We also experience hypnosis when we cry at a movie. Think about it: we're not the person experiencing that tragic story line. That isn't our best friend or our family member. It isn't really even happening. Of course we're empathetic creatures, but whatever caused us to cry when we watched isn't causing us to cry now. We're still empathetic now, aren't we? Yet, for that hour and a half, we surrendered our whole minds to the emotional and bodily experiences that would be appropriate if we were in the movie. Tears and all. What a hypnotherapist does is establish you in that state for a time, in order to do therapeutic work. Because that's the time you're most receptive to it. Just as you gave yourself over to crying during the movie, you can yourself over to eating more healthfully, to setting aside that stage fright, or to improving your job performance.
And here's a side benefit: Hypnosis feels really good. Relaxation, both physical and mental is the very foundation upon which it works. Most hypnotherapists will first lead you through a physical relaxation. Once your body's tension is out of the way, you're dealing with the mind. At this point, calming guided imagery often comes into play. Do you like walking along the beach at sunset? That's where you can go. Would you rather drift slowly down like an autumn leaf from a tree? No reason not to. But while you're relaxing, you'll also engage in a capacity to learn and to change in beneficial ways you might not even have realized were available to you. The more you relax, the better you feel. And the better you feel the more you relax.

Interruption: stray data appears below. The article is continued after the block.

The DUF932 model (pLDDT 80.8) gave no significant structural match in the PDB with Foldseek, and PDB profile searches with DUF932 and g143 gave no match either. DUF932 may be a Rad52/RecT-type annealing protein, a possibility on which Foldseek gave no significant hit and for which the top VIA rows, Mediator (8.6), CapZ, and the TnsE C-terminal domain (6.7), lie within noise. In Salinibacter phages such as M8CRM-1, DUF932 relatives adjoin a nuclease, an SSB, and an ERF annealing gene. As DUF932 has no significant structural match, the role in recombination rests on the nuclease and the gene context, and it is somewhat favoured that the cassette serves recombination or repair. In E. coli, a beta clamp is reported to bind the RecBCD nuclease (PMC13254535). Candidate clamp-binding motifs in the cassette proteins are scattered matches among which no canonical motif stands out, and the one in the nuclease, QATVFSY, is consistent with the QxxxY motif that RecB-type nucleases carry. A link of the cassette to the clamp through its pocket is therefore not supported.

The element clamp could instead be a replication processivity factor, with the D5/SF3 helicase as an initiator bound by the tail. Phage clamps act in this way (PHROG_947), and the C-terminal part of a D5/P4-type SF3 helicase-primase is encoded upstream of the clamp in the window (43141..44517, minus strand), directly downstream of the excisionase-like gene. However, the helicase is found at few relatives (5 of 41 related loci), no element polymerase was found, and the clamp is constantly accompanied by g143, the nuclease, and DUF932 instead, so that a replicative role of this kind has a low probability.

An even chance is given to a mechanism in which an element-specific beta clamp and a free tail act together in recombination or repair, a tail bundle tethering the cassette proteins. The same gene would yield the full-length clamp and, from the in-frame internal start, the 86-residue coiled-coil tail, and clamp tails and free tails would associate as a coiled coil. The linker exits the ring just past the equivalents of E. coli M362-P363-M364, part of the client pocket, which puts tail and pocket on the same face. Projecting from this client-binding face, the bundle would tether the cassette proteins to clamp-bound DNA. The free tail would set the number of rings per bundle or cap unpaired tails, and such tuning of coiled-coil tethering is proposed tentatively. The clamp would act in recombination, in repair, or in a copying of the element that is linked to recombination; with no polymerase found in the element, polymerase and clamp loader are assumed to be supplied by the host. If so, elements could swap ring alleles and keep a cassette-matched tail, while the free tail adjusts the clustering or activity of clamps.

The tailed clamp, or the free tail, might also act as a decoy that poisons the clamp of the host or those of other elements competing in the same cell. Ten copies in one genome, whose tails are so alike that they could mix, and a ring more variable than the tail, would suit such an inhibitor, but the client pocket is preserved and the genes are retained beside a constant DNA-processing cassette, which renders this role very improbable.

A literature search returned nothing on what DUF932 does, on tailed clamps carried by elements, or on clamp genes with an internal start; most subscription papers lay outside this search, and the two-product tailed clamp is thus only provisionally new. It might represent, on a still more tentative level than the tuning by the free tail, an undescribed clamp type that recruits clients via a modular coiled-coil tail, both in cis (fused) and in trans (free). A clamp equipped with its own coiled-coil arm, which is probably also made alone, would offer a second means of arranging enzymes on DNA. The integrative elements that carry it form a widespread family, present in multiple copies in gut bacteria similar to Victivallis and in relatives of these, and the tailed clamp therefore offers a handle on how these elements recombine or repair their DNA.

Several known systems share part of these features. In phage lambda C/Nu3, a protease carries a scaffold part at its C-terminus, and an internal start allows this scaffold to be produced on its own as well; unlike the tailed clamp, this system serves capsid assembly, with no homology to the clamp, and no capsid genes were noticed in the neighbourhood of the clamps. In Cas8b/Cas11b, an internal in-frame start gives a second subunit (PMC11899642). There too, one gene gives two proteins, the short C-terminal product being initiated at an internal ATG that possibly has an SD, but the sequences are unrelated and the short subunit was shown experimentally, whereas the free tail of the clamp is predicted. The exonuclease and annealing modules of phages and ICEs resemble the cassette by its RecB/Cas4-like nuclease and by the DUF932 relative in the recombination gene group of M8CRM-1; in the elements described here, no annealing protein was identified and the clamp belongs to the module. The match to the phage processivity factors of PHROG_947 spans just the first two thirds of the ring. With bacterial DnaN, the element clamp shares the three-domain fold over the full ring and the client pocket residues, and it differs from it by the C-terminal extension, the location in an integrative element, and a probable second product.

To help allay any other concerns you may have, you should know that you're the one who's in control in a session. As I mentioned, you'll probably be quite well aware of everything said, and if you ever don't like what you're hearing, all you need do is count up from 1 to 5 and say the words "Eyes open, wide awake." In fact, even without the benefit of hypnotherapy, as you go through your day, if you find yourself dragging or feeling logy, give it a try. Count up to five and say "Wide awake" or "Wake up." You'll find it helps you to become focused on the moment, more alert and better able to concentrate on what you're doing.
Ultimately, even with a therapist, all hypnosis is self-hypnosis. Your hypnotherapist will guide and assist you, but in the end, you're responsible for developing your innate capacity to accomplish your goals. Your therapist will direct you on how, but it is your own skill of inner communication that's being enhanced, and no one can force you to do that or do it for you. A hypnotherapist is somewhat like a personal trainer in that way. We'll lead you through the process of getting to where you want to be, but you're the one who's actually accomplishing it.
Although the words hypnosis and hypnotism have only been around for a century or two, the practice was in use long before that. Some have even suggested that Jesus engaged in a form of it when, instead of alluding directly to the illness of someone who wanted to be healed, he spoke of their faith -- their belief that it would happen. Whatever its history, hypnotherapy is a natural, effective method of accomplishing your goals that uses the power of your own mind instead of drugs, machines or surgery. It's safe, often faster than other methods, and the effects can last a lifetime.